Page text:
Rice: Arabs fear Iraq sectarian violence spillover
Updated: 2006-02-25 09:33
Arab states fear sectarian violence in Iraq could spill over to their
countries, Secretary of State Condoleezza Rice said on Friday while flying home
from a tour of the Middle East.
Rice blamed al Qaeda for the
bombing which ignited Iraqi sectarian violence that has left 200 people dead in
Baghdad alone over the past three days. She acknowledged the violence posed a
threat to Iraq's political process and took small comfort from the limited
achievements of her latest trip.
Secretary of State
Condoleezza Rice smiles during her meeting with United Arab Emirates
Foreign Minister Abdullah bin Zayed al Nahyan in Abu Dhabi, February 23,
She suggested that al Qaeda planted the explosives, which on Wednesday blew
up an important Shi'ite mosque in the Iraqi town of Samarra and sparked a spate
of vicious attacks against clerics, mosques and ordinary people.
"There is a concern that the sectarian tensions that outsiders are stoking in
Iraq -- that those same outsiders might try and stoke sectarian tensions in
other parts of the region," she said before a refueling stop in Ireland.
The dozens of reprisal attacks on minority Sunni mosques have stalled talks
on a national unity government that U.S. President George W. Bush says is the
key to the stability that would let him bring home 130,000 American troops.
"This is an extremely hard and extremely delicate moment obviously for the
Iraqis, there has been a strike against Iraqi unity," Rice said.
"This makes it harder today and perhaps tomorrow, but I am confident the
Iraqis are committed to, dedicated to the formation of a national unity
A daytime curfew in Baghdad and calls for Muslim unity from mosques across
the country on Friday eventually damped down sectarian violence on the Muslim
day of prayer.
Three years ago, Rice was a leading advocate for the U.S. invasion of Iraq,
alongside other Bush administration officials who dismissed critics that said
toppling then Iraqi President Saddam Hussein would eventually invite a civil
On Friday, her plane flew over a country whose infrastructure remains in
tatters, whose people live in fear of the bullets and bombs which regularly kill
at random and where a Sunni-led insurgency makes governance next to impossible.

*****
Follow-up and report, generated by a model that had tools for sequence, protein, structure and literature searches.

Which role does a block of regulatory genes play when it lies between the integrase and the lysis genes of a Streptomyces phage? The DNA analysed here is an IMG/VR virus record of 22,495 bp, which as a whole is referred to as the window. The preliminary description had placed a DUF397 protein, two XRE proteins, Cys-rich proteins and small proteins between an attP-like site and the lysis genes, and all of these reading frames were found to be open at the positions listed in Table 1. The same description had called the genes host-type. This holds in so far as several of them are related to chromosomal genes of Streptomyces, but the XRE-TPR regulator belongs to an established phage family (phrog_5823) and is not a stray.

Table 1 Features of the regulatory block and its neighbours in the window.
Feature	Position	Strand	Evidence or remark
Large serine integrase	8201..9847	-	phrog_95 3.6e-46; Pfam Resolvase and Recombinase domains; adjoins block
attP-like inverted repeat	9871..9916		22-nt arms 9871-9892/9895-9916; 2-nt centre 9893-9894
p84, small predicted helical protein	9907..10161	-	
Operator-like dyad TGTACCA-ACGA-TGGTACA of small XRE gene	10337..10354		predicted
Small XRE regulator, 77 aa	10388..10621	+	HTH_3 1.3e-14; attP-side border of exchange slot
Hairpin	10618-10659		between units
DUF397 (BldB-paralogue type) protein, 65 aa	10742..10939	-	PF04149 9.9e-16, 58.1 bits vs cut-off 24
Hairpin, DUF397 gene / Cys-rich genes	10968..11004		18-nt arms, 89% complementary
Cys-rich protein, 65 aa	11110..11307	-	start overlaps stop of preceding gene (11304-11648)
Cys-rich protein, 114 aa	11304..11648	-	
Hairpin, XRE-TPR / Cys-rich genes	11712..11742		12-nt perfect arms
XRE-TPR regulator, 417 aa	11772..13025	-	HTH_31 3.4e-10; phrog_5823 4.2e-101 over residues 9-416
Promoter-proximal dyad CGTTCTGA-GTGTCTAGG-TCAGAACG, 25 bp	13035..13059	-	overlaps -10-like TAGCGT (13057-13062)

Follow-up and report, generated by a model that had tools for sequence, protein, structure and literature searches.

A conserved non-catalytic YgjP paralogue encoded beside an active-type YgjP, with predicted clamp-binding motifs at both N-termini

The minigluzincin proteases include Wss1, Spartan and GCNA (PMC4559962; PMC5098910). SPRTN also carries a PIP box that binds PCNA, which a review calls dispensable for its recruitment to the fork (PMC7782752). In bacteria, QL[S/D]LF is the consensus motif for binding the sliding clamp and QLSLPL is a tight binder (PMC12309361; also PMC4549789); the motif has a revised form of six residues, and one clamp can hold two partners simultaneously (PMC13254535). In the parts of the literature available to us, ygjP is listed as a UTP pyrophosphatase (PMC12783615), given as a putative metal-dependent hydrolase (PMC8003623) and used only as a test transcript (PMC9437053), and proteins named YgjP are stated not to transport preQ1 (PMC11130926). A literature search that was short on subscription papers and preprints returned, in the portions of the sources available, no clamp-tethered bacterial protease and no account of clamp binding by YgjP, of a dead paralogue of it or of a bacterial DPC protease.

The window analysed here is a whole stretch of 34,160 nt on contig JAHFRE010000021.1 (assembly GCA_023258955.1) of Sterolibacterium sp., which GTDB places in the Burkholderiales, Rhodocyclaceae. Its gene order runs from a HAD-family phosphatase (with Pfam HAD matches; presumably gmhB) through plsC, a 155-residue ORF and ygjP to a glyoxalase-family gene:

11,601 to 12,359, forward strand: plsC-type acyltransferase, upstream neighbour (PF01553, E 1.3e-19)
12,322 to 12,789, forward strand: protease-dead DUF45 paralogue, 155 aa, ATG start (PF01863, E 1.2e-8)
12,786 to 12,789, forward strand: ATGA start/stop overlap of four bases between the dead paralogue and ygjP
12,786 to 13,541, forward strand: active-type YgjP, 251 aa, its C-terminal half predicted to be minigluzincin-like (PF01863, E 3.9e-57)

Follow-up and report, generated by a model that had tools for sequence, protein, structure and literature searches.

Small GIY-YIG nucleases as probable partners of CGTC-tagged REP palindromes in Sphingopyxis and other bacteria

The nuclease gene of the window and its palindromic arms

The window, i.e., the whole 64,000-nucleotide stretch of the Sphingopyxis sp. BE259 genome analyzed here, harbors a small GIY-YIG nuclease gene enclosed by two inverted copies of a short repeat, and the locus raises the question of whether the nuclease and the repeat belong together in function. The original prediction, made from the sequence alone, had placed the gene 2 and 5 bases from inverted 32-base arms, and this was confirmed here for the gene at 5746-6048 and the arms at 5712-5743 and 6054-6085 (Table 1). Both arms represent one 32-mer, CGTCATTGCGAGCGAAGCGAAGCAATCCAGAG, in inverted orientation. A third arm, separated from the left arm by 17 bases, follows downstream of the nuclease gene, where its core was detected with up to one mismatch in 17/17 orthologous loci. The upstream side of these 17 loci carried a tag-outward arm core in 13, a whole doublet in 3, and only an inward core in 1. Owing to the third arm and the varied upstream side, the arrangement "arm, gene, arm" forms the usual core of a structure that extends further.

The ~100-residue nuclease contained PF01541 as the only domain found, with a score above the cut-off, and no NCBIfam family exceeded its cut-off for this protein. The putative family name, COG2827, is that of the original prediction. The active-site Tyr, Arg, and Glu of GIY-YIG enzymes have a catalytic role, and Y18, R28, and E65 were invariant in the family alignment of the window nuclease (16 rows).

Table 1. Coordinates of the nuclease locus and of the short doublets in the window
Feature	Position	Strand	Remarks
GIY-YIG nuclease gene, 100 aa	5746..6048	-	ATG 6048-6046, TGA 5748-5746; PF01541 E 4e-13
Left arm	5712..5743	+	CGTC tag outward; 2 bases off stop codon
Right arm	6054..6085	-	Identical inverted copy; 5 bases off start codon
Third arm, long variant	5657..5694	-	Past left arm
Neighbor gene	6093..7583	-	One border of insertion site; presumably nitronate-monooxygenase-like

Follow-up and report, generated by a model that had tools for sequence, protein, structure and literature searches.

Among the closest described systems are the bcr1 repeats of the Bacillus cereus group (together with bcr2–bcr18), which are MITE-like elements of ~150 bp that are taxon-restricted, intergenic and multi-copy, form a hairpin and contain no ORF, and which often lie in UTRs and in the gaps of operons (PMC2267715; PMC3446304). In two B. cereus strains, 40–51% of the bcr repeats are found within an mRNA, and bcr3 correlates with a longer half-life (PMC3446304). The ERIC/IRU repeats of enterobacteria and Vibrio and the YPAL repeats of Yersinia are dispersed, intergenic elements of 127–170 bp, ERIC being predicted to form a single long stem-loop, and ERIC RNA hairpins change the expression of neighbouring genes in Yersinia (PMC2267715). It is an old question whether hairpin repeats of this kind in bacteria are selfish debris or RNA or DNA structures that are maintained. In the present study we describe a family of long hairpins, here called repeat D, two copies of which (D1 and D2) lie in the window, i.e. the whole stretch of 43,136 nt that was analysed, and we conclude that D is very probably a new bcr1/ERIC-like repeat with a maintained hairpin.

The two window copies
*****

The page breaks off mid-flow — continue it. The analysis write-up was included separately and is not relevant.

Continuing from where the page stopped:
U.S. troops in Iraq have no date to return home. Casualties and domestic
pressure for them to come home are both rising.
Rice's trip to Egypt, Saudi Arabia, Lebanon and the United Arab Emirates also
underscored the flagging influence of a Bush administration that is unpopular in
the Arab world.
On a tour whose goal was to persuade Arab governments to isolate Hamas and
Iran, the United States appeared nearly alone in its hard line against both
Arab powerbrokers, Egypt and Saudi Arabia, rejected Rice's appeal for them to
deny aid to Hamas, the militant group which swept Palestinian elections in
January and has been asked to form the next Palestinian government.
Hamas -- whose charter calls for the destruction of Israel -- is expected to
take power in a few weeks and has treated threats to pull U.S. aid to the
Palestinian government with diffidence. The group has been labeled a terrorist
organization by the United States and the European Union
No country has
pledged it will follow the U.S. policy to withhold aid as soon as Hamas forms a
government, according to U.S. officials lobbying for such action.
Rice had to settle for Arab countries agreeing to press Hamas to seek peace
with Israel, even though they avoided warning of any consequences should the
group remain unmoved.
And while they expressed some concern over the potential for a nuclear-armed
Iran, the countries shunned Rice's call to threaten the Islamic republic with
isolation if it fails to dispel Western suspicions it is building an atomic
With Russia, China and many developing countries also resisting the U.S.
drive for international sanctions against Iran, only the European Union has
moved close to Washington.
While few countries are threatening to isolate Iran, Rice said the world
agreed the country should curb its nuclear programs.
"That international consensus is sincere," she said.